Next step to focus on professional athletes


The joke in our family is that my dad always wanted a college basketball player. There was a brief stint where he thought he could still get that out of me, but then I fell in love with softball.

I threw him almost every night in our driveway, and my dad trained me no different than he did my brother. It hasn’t been easy with me.

It just so happened that a neighbor who watched our father-daughter train for years also sat on our school board. One day, as I was preparing to enter high school, he said to my father, “I think our district has a problem with Title IX.”

It was one of the first times I remember hearing about Title IX.

Every baseball team in our district had a baseball diamond at school, but softball teams did not—most had to compete in a city park.

Our neighbor raised this issue with the school board and before I started high school, my school built a field for us to play at home.

I was part of one of the first classes that was able to play all of our games on our pitch.

I’m happy for those in my life who stood up for my Title IX rights for me, but in the next 50 years of Title IX, I hope we don’t have to fight so hard. I don’t want to face those same struggles if I have kids. Title IX is in place because women deserve equality. We spend as much time or effort being athletes as men or boys. The sooner we move beyond reiterating these basic points, the sooner we can start focusing on our next challenge: supporting professional female athletes.

The fact that I even have to preface the phrase “professional athlete” with the word “woman” is part of the problem I’m talking about. I never thought of myself as a female athlete, just an athlete. I trained like an athlete who wants to be the best at what she does. I happen to be a her and not a him. What we do is not inferior to what men do. So, let’s level the playing field.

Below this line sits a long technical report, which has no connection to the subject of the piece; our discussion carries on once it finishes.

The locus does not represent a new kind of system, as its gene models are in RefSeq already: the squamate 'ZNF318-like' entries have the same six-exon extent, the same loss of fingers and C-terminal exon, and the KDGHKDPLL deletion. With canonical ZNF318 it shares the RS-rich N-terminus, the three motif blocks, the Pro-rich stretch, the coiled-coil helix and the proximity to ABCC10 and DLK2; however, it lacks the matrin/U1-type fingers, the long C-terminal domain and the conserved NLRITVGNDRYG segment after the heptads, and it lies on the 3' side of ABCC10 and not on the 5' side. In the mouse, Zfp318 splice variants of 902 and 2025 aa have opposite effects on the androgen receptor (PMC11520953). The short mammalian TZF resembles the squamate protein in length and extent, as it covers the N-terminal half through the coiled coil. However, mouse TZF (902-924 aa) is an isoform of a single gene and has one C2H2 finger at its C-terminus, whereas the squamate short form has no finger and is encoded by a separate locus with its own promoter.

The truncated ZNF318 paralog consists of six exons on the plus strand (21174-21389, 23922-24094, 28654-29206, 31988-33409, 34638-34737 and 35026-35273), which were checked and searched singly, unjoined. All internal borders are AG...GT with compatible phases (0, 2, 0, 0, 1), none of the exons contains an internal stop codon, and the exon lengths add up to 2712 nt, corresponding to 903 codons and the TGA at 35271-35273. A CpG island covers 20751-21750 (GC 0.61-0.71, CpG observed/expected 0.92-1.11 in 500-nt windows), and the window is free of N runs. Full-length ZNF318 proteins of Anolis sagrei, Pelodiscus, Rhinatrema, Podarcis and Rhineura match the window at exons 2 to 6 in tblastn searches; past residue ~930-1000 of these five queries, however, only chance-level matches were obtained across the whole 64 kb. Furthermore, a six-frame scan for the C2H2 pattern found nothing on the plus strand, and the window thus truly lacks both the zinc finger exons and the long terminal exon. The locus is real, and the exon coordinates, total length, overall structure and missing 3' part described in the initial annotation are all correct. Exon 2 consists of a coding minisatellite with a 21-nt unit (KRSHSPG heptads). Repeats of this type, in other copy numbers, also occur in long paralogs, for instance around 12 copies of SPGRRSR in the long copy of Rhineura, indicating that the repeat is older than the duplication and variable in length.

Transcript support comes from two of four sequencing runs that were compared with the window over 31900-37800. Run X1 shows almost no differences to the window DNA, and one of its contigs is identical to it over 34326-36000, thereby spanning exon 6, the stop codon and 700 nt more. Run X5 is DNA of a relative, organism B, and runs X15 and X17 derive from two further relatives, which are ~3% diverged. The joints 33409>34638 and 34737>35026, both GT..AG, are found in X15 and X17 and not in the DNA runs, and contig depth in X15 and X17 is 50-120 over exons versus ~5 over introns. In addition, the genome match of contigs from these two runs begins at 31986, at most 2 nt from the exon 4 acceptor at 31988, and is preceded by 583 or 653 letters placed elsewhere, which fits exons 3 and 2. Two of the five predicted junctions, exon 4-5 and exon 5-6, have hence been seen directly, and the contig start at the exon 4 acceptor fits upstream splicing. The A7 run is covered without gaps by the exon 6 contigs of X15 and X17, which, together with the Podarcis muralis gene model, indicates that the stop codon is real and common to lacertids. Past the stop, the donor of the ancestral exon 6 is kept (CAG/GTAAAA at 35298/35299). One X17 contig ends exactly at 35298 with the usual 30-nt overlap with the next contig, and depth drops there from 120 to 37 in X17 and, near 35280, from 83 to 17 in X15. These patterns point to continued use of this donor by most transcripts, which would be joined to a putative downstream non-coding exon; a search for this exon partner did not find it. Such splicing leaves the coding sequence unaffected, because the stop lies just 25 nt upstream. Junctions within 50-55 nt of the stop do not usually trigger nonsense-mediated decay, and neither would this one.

Talented professional athletes – who happen to be women – shouldn’t have to work side-by-side to support themselves just to play the game. coming years.

In my time in track and field, from youth to college and professional ball, drastic measures have been taken. We are going in the right direction. But Title IX does not extend to the professional field. Creating more equality at all levels of sport starts with small gestures, like making sure high school girls have a pitch to play on. But it shouldn’t stop there. Let’s expand what Title IX means in the professional field. Let’s go beyond simply guaranteeing home-field advantage and insisting on adequate compensation for talented female athletes who have dedicated their lives to their craft.

Cat Osterman is an Olympic gold medalist and two-time softball silver medalist and National Player of the Year with the University of Texas. A graduate of Cypress Springs, she also played professionally in the National Pro Fastpitch league.


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